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Distribution functions are used in statistical physics to estimate the mean number of particles occupying an energy level (hence also called occupation numbers). These distributions are mostly derived as those numbers for which the system under consideration is in its state of maximum probability. But one really requires average numbers. These average numbers can be obtained by the Darwin-Fowler method. Of course, for systems in the thermodynamic limit (large number of particles), as in statistical mechanics, the results are the same as with maximization.
In most texts on statistical mechanics the statistical distribution functions in Maxwell-Boltzmann statistics, Bose-Einstein statistics, Fermi-Dirac statistics) are derived by determining those for which the system is in its state of maximum probability. But one really requires those with average or mean probability, although - of course - the results are usually the same for systems with a huge number of elements, as is the case in statistical mechanics. The method for deriving the distribution functions with mean probability has been developed by C. G. Darwin and Fowler and is therefore known as the Darwin-Fowler method. This method is the most reliable general procedure for deriving statistical distribution functions. Since the method employs a selector variable (a factor introduced for each element to permit a counting procedure) the method is also known as the Darwin-Fowler method of selector variables. Note that a distribution function is not the same as the probability - cf. Maxwell-Boltzmann distribution, Bose-Einstein distribution, Fermi-Dirac distribution. Also note that the distribution function which is a measure of the fraction of those states which are actually occupied by elements, is given by or , where is the degeneracy of energy level of energy and is the number of elements occupying this level (e.g. in Fermi-Dirac statistics 0 or 1). Total energy and total number of elements are then given by and .
For independent elements with on level with energy and for a canonical system in a heat bath with temperature we set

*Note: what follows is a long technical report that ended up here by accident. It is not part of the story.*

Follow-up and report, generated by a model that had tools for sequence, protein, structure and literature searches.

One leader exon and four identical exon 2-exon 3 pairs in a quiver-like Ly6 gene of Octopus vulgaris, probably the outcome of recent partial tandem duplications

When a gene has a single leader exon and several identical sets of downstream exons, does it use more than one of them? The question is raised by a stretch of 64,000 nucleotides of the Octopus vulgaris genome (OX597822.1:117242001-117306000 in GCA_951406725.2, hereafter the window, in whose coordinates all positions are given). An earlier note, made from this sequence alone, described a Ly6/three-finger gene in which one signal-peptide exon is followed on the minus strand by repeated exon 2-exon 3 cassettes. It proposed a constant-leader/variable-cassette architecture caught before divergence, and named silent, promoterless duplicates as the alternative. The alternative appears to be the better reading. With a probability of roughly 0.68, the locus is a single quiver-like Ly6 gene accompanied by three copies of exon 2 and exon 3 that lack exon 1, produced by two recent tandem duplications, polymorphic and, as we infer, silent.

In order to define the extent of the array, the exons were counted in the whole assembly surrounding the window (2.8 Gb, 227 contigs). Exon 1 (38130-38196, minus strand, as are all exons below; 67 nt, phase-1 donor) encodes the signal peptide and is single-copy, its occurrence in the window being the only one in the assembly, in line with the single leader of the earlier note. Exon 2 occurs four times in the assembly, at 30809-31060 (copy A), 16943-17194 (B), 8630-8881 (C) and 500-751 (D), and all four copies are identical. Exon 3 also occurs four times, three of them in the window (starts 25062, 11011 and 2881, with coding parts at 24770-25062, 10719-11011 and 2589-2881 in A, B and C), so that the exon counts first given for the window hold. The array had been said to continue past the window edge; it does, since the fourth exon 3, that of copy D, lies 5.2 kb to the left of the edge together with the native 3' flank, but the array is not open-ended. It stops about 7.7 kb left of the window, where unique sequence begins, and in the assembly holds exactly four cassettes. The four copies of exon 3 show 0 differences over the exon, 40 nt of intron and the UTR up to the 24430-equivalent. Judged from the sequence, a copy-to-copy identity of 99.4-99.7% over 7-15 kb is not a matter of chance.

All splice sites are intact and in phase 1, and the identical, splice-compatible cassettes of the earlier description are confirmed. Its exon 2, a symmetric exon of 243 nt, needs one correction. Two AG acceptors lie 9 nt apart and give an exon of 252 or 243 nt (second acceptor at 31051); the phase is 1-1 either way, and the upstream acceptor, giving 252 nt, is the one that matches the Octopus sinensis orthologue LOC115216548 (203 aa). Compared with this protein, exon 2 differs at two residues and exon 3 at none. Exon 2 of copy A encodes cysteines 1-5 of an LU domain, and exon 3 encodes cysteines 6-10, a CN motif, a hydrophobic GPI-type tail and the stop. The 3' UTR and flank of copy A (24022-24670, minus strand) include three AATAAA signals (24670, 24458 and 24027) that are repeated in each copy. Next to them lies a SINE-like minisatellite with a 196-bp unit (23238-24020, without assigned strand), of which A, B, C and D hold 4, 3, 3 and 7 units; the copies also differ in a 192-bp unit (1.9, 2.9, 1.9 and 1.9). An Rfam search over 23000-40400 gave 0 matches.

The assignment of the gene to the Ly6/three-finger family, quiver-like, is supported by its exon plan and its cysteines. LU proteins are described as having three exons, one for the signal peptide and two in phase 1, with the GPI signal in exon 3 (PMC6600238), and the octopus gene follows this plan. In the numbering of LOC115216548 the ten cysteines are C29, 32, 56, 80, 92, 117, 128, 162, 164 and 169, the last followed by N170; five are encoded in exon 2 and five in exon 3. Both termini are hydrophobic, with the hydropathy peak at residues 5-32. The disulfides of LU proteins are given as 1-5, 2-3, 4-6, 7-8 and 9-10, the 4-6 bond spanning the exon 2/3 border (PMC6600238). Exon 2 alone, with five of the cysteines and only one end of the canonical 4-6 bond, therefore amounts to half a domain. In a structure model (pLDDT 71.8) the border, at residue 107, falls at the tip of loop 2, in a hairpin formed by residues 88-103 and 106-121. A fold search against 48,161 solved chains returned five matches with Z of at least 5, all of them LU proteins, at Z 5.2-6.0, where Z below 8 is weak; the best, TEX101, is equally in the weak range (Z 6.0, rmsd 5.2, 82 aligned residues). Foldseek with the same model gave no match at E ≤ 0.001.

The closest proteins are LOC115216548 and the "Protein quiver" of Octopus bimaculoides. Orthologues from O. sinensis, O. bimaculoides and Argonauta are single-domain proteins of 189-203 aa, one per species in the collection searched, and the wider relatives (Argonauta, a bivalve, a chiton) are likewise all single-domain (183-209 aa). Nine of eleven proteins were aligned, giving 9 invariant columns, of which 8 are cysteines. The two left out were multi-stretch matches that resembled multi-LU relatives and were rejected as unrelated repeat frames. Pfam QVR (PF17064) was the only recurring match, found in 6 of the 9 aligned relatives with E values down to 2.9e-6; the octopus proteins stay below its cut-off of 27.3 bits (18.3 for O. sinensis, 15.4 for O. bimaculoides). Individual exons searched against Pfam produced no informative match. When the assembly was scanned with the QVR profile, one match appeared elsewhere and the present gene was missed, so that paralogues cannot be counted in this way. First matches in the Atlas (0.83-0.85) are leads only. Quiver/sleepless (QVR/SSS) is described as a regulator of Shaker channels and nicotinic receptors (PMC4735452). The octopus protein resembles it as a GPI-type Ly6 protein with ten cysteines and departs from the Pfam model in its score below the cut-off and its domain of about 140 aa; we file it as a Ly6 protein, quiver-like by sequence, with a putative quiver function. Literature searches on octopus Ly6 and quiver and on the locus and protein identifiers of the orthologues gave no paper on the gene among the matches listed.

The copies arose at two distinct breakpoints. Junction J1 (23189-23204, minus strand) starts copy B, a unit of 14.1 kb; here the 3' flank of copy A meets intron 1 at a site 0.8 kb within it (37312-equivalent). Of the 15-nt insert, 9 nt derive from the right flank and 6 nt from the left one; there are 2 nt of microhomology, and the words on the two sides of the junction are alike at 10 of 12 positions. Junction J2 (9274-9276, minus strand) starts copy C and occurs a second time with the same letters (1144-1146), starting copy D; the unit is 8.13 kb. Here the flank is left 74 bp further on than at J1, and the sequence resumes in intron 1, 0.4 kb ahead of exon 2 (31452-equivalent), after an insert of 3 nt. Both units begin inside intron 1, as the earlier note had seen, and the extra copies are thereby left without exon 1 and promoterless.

The average over all arrangements is the mean occupation number
Insert a selector variable by setting
In classical statistics the elements are (a) distinguishable and can be arranged with packets of elements on level whose number is
so that in this case
Allowing for (b) the degeneracy of level this expression becomes
The selector variable allows to pick out the coefficient of which is . Thus
This result which agrees with the most probable value obtained by maximization does not involve a single approximation and is therefore exact, and thus demonstrates the power of this Darwin-Fowler method.
We have as above
where is the number of elements in energy level . Since in quantum statistics elements are indistinguishable no preliminary calculation of the number of ways of dividing elements into packets is required. Therefore the sum refers only to the sum over possible values of .
We note that similarly the coefficient in the above can be obtained as
Differentiating one obtains
One now evaluates the first and second derivatives of at the stationary point at which . This method of evaluation of around the saddle pointis known as the method of steepest descent. One then obtains
We have and hence
(the +1 being negligible since is large). We shall see in a moment that this last relation is simply the formula
We obtain the mean occupation number by evaluating
This expression gives the mean number of elements of the total of in the volume which occupy at temperature the 1-particle level with degeneracy (see e.g. a priori probability). For the relation to be reliable one should check that higher order contributions are initially decreasing in magnitude so that the expansion around the saddle point does indeed yield an asymptotic expansion.